Doing It Right the First Time
With a host of certified flooring installers at its disposal, American Carpet One offers customers a means of meeting the highest industry standards while providing the best installation quality and service available.
Certified Floorcovering Installers (CFI) is an international non-profit organization established in the early 1990s to train and certify installers with the end goal of ensuring that the installers working on homeowners and other customers’ projects are indeed qualified. Larry Marvel, installation manager at American Carpet One, explained that installers working at the company need to pass both written and performance tests in order to gain CFI certification, and must display honesty and integrity.
All journeymen carpet installers at American Carpet One were recently certified by CFI — a first for the industry in Hawaii. They joined a select group of more than 40,000 CFI installers nationwide that are certified to install many products and floor coverings to meet industry standards. These installers are identified by the CFI seals on both their uniforms and work vehicles.
“They set the standards, they tell us what carpet is specified for certain jobs,” said Marvel. “How those types of carpet should be installed, how the seams should be sealed. Basically, they tell us from start to finish how the job should be completed while meeting industry standards. It’s a lot more than just putting rug on a floor.”
Marvel explained that American Carpet One’s certified installers are skilled in a wide range of different installation methods. Tack-down installation occurs when the carpet is set down against two walls and power-stretched across the carpet pad to the two remaining walls. The carpet must be stretched properly to avoid wrinkles and to promote even wear across the surface according to the type and thickness of cushion utilized underneath.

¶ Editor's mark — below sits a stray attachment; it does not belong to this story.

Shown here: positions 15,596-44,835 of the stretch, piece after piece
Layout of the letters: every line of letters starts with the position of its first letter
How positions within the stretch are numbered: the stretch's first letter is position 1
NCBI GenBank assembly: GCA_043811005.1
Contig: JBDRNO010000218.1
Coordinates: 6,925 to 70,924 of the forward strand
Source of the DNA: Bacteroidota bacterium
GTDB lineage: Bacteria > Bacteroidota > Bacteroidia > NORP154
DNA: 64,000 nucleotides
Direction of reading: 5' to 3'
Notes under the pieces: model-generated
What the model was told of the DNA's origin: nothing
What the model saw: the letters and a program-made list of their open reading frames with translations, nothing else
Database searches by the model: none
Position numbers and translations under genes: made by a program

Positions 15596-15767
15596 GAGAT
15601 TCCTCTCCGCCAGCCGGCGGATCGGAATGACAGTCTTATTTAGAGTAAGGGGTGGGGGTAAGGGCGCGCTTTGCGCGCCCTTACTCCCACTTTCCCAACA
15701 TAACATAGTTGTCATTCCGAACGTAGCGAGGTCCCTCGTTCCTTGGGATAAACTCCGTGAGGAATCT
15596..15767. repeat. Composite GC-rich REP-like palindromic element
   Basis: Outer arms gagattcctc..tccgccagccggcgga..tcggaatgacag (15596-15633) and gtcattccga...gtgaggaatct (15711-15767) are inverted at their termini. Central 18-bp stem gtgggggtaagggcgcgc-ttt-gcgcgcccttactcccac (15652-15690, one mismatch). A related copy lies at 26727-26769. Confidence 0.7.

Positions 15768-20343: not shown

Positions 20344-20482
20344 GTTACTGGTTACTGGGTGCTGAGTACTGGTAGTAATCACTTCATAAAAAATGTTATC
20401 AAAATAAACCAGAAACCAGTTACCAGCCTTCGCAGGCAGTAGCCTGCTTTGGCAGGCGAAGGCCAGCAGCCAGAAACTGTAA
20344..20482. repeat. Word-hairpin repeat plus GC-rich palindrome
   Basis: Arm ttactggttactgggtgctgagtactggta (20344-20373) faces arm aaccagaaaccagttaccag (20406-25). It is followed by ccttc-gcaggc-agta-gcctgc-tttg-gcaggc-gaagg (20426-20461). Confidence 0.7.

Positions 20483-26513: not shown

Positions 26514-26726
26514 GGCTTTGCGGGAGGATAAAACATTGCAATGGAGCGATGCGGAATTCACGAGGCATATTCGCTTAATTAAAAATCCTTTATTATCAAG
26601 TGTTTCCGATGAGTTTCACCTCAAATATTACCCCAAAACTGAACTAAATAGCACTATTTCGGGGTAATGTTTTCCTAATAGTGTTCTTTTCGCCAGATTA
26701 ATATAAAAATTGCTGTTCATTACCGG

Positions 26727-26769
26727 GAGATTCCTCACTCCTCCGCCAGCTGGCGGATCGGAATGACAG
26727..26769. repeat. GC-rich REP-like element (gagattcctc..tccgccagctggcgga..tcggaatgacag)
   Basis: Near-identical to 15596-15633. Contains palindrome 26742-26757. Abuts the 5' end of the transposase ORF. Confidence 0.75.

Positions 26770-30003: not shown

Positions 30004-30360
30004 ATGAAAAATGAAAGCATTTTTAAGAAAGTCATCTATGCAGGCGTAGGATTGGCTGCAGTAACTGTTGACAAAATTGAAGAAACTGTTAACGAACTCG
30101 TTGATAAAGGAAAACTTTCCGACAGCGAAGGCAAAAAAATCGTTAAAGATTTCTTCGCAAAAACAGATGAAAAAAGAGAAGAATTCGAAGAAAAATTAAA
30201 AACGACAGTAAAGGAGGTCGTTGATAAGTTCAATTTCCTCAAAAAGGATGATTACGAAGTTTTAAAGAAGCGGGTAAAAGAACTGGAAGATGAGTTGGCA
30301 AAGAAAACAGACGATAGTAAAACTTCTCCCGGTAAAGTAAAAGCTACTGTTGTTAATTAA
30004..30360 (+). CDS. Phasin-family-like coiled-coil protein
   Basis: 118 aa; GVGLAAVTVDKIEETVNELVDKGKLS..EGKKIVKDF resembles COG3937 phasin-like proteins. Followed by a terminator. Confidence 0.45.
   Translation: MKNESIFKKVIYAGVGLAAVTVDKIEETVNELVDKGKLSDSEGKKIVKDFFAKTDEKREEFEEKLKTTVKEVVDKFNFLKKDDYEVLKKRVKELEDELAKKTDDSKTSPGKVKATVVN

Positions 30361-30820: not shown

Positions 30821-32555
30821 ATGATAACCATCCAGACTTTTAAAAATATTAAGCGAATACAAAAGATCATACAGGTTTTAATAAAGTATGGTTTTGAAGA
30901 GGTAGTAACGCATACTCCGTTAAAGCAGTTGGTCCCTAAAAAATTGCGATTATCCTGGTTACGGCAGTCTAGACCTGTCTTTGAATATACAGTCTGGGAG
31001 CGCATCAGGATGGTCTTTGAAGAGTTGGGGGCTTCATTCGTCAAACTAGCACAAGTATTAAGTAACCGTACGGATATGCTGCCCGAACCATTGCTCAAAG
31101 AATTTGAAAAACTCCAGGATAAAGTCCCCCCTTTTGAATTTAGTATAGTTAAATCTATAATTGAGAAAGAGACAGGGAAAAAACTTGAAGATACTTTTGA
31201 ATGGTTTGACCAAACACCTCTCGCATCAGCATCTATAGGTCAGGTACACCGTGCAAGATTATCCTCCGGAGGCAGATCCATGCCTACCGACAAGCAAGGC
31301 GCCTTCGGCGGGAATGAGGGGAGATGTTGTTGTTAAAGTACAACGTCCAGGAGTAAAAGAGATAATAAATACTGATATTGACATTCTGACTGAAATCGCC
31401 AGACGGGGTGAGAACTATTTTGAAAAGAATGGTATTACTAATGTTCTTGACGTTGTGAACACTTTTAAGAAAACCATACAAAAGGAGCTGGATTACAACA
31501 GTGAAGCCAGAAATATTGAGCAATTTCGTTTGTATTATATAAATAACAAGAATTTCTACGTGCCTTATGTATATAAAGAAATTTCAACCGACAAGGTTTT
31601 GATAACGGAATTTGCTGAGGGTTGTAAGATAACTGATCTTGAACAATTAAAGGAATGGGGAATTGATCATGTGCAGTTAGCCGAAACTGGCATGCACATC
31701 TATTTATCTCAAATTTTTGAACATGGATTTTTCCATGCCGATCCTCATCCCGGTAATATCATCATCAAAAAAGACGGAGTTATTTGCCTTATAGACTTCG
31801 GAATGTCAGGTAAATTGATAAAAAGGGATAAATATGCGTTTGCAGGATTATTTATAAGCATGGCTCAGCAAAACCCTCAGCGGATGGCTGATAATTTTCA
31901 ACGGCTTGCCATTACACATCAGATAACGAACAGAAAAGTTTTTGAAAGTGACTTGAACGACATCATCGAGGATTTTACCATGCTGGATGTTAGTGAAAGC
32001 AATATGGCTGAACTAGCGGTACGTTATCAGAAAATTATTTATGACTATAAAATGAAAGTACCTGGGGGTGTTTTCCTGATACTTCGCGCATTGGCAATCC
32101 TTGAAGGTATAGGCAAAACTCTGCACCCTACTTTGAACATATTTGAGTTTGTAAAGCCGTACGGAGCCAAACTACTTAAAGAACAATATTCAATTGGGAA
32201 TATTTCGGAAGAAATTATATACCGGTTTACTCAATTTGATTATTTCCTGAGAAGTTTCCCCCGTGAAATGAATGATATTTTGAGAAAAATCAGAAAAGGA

With a glue-down installation, the carpet is attached directly to a surface using an adhesive that is applied to the carpet backing. Marvel noted that this type of installation is preferred in commercial settings, as the carpet tends to receive 35 percent more wear in high-traffic areas.
“In both types of installations, its about understanding how to do a proper layout, where to place the seams correctly and align the direction of the naps, how the carpet turns to the walls; all these parts play key roles in a good carpet installation,” said Marvel, who has been involved in the carpet installation industry for nearly 40 years. “For all types of installation, whether tack down or glue down, the industry sets a standard, and our installers have to meet or exceed those standards to the customer’s satisfaction.”
Dealing with covering stairways or rooms that aren’t square or present interesting angles are just some of the difficult situations that certified installers deal with on a regular basis. The CFI installers have access to a vast network of colleagues within the association that can offer advice based on practical experience.
“These installers have to be experts in seam construction, power stretching, trimming, pattern alignment and a lot of other skills that it takes to install carpet in a customer’s home,” Marvel said. “A customer using a CFI installer can be assured that they’ve already been approved and tested by their peers in the trade, and that the installation in their home or business is done right the first time.”
AMERICAN CARPET ONE
contact // 447-2751
web // www.AmericanCarpetOne.com